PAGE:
Friday, January 24, 2014

Poo In Paradiseland

Unwrapped urban gifts.

I think I've learned it by now, but who can be sure, really, when sidewalk-level poop is involved?

Learned what?

Well, for example, to watch where I put my feet.

Sounds simple, right? It is, really, it really is. But remembering to watch is harder. The remembering-to-watch part tends to escape and run off into fields of frequent daydreams. Or, in case you want to remain alive, it yields a close eye to traffic.

Poop disgusts but traffic kills. So maybe from time to time you end up with poo on your shoe, but you get home alive, which counts for something. Counts for a lot in my book.

And, truth be told, it isn't sidewalk-level poop that I'm usually watching for anyway — it's structural hazards. I don't know how to say it better, so, for example, what I mean is broken pavement, cracks, lumps, unexpected dropoffs, surprise up-steps — all that.

Watching for stumble bummers keeps a person alert. Alert enough to avoid incidental low-level embarrassments like poo. I've stepped off too many sudden drops to let my guard down now. Poo sightings have become ordinary, unsurprising, and expected, and they happen all day. Background noise. Because I've gotten enough hard knocks from local pavements not to trust them any farther than I can kick them.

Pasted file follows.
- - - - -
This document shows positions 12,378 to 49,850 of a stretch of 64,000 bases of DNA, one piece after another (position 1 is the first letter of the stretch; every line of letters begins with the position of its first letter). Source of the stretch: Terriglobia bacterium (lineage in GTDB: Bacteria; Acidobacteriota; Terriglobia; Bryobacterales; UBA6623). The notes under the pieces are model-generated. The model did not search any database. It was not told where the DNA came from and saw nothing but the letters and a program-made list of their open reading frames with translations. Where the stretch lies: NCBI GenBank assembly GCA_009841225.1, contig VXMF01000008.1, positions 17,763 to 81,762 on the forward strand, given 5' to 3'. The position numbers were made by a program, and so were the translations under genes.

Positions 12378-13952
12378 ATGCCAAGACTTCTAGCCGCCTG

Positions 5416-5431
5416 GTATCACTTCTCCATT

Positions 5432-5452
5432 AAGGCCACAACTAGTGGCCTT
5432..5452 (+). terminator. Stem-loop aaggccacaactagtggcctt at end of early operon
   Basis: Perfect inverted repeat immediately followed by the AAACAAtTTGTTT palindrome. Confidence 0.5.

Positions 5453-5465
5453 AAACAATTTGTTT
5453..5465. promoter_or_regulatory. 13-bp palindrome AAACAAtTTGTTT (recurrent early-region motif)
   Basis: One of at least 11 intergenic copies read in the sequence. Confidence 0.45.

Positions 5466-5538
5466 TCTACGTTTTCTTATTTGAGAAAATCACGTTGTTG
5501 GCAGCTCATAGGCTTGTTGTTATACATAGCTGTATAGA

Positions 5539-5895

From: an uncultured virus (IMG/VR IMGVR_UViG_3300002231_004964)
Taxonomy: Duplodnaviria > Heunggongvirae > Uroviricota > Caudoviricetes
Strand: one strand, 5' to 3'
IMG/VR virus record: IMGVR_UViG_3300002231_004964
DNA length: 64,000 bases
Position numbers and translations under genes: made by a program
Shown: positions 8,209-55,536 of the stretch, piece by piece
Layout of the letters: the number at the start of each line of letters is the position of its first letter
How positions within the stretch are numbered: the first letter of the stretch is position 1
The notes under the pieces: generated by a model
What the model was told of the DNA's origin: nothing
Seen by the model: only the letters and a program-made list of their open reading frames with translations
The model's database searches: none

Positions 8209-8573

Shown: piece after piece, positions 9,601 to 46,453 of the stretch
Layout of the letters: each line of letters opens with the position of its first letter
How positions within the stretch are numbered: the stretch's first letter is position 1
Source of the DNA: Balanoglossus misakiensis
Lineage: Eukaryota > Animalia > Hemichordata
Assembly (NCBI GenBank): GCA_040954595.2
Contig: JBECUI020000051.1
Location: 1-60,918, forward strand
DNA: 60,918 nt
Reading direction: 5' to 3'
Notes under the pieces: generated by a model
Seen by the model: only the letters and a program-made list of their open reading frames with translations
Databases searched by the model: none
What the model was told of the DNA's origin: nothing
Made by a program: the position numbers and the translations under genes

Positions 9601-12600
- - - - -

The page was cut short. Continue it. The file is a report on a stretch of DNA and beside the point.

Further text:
Pigeons are probably the worst.

Where there is a shop, the owner usually cleans the store floor daily, sweeping small tidal waves of water out onto the walk, and then scrubbing that, and then sweeping the excess away. Where there isn't a working shop the walkway may be cleaned only by rainfall and shuffling pedestrian feet. Seldom to never in any real sense, which is where pigeon poo finds its longest-term residence.

Dog (and human) droppings come and go daily. A lot gets swept into the street. Some gets mooshed flat and smeared, and eventually all of it dries and powders and becomes invisible.

Yes, human droppings. It's all poop in the end. Poop you probably don't want to become intimate with.

The main point is that poo is ever-present and omni-present, even if powdered and invisible. Which is why I don't wear shoes inside — street shoes come off and stay in the demilitarized zone of my entryway. Inside, closer to me, in my actual residence, the floor is swept, scrubbed, and clean.

Which is better, by my lights, than taking street poo to bed on the soles of my feet. Don't you think?

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